PRACTICE PEARLS

 

Fam Pract Manag. 2019 Nov-Dec;26(6):31.

LIVEN UP YOUR EXAM ROOMS

After seeing so many cold, lifeless exam rooms, I was inspired many years ago to decorate my exam rooms with different “themes.” Here are some of my current and past themes:

  • Kid's room: When obstetrics was part of my practice, I decorated a room with bright colors and kids' decor, including cardboard gingerbread people hung near the ceiling. Each had the name of a child I had delivered.

  • Pheasant room: I am an avid pheasant hunter, so I decorated this room with beautiful prints of pheasants and other related items.

  • Airplane room: I am a commercial-rated pilot and do a lot of flying. This room has photographs of some of the planes I have flown, models of some of my favorite planes, and a huge aviation map with small pins marking spots around the country where I have landed.

  • Dog room: I train bird dogs, so in this room I have sketches of these dogs, some puppy photos, a few dog-related signs, and a bulletin board where patients can add photos of their own dogs.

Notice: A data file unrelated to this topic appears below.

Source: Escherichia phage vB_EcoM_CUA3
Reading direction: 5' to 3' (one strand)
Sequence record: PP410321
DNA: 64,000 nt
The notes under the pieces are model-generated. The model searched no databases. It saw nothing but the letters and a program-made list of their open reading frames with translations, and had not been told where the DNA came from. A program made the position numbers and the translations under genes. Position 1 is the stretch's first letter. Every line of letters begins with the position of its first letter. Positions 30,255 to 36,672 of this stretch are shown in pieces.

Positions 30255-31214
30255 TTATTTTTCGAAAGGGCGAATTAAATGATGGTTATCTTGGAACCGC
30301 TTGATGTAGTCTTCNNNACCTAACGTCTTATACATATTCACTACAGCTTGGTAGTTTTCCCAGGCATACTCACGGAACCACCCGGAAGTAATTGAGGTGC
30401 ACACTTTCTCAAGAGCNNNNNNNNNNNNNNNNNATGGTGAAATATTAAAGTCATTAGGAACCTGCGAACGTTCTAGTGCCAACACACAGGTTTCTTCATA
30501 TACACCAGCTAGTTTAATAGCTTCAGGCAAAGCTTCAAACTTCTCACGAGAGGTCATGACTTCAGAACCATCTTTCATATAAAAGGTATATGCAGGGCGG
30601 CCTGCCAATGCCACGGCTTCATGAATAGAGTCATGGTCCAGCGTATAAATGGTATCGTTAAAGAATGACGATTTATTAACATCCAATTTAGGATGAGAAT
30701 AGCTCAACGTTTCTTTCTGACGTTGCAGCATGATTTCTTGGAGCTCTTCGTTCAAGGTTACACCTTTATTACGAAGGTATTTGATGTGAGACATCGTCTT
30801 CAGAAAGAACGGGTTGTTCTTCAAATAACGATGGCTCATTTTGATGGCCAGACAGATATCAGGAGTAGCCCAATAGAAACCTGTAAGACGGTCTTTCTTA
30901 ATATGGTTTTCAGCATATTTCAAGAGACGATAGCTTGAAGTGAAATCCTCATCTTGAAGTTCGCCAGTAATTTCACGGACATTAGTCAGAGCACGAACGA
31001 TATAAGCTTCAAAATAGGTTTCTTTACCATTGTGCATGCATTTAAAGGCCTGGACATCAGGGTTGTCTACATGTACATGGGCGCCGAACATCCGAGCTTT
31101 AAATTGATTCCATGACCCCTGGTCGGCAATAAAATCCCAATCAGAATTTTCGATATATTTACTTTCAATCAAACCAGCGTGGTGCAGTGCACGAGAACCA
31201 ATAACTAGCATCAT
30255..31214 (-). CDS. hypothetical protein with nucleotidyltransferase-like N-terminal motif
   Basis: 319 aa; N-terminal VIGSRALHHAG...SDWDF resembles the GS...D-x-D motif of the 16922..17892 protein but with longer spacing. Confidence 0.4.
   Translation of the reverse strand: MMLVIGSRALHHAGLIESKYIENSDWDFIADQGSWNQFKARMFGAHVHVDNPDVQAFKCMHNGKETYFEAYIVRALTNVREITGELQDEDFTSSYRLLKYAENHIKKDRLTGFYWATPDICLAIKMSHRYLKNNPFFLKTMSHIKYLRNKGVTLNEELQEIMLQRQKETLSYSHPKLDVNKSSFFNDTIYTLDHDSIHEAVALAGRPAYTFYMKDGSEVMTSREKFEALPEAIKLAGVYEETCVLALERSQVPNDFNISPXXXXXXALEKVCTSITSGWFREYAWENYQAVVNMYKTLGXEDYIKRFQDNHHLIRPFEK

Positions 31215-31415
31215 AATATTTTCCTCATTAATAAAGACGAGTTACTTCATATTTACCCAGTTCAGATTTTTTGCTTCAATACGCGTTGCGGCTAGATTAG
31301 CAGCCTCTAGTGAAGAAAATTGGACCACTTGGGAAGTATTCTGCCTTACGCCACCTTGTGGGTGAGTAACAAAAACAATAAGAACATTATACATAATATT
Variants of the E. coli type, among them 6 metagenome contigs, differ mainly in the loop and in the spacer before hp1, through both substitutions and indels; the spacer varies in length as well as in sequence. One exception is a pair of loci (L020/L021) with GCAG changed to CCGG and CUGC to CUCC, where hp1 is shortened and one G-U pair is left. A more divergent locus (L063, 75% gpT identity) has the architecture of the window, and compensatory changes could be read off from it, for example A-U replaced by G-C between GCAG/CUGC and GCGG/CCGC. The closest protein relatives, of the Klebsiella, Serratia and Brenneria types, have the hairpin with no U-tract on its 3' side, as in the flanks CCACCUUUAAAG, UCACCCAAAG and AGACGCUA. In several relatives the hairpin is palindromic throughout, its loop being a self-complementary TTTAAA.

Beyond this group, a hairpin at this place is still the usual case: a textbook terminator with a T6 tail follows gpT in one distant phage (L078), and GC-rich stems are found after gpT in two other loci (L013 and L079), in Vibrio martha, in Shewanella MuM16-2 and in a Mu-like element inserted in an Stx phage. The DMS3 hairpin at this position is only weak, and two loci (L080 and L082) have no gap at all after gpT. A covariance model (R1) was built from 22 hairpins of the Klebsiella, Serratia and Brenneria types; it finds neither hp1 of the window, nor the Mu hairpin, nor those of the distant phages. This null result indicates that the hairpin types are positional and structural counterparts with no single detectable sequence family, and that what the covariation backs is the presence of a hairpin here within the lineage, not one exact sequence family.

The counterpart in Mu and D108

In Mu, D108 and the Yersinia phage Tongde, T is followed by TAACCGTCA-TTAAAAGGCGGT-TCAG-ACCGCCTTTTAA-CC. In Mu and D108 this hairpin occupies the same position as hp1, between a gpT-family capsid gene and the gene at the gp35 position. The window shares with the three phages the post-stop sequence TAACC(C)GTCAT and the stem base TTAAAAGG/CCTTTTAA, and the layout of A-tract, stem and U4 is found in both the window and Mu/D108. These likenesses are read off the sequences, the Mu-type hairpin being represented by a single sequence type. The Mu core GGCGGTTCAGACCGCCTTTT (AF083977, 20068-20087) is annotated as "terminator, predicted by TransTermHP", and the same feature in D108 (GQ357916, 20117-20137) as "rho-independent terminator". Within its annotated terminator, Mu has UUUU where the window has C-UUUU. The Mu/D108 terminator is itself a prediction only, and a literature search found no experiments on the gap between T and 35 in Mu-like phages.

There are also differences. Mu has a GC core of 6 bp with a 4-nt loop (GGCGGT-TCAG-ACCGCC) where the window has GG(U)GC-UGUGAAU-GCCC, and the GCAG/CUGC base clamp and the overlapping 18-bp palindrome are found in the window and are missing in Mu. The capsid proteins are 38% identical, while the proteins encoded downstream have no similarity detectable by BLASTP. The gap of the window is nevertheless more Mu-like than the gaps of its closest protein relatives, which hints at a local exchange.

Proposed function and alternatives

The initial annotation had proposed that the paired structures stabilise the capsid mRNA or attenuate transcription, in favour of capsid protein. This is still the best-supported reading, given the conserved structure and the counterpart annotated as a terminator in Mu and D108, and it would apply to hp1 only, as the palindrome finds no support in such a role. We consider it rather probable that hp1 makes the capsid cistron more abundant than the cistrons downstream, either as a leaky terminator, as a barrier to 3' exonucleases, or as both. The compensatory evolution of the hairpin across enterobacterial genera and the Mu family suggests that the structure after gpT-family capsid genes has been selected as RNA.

• Alaska room: I went on a cruise to Alaska and do quite a bit of nature photography, so I post those pictures here.

I also line the hallways with photos of my family, including my five children. These photos and the theme rooms themselves often spark great conversations that provide opportunities to better connect with patients.

USE “NUDGES” TO ENCOURAGE BEHAVIOR CHANGE

Physicians may resist coaching if they feel these efforts are patronizing, manipulative, or interfere with their sense of professional autonomy. Here are three ways to more effectively “nudge” physician colleagues or those you supervise toward change:

  • Transparency. Don't hide your purpose. Explain that you are not seeking to subvert the physician's professional purpose or medical evidence but rather to reduce unwarranted variations in care that occur despite these

WE WANT TO HEAR FROM YOU

Practice Pearls presents readers' advice on practice operations and patient care, along with tips drawn from the literature. Send us your best pearl (250 words of less), and you'll earn $50 if we publish it. We also welcome questions for our Q&A section. Send pearls, questions, and comments to fpmedit@aafp.org, or add your comments below.

 
 

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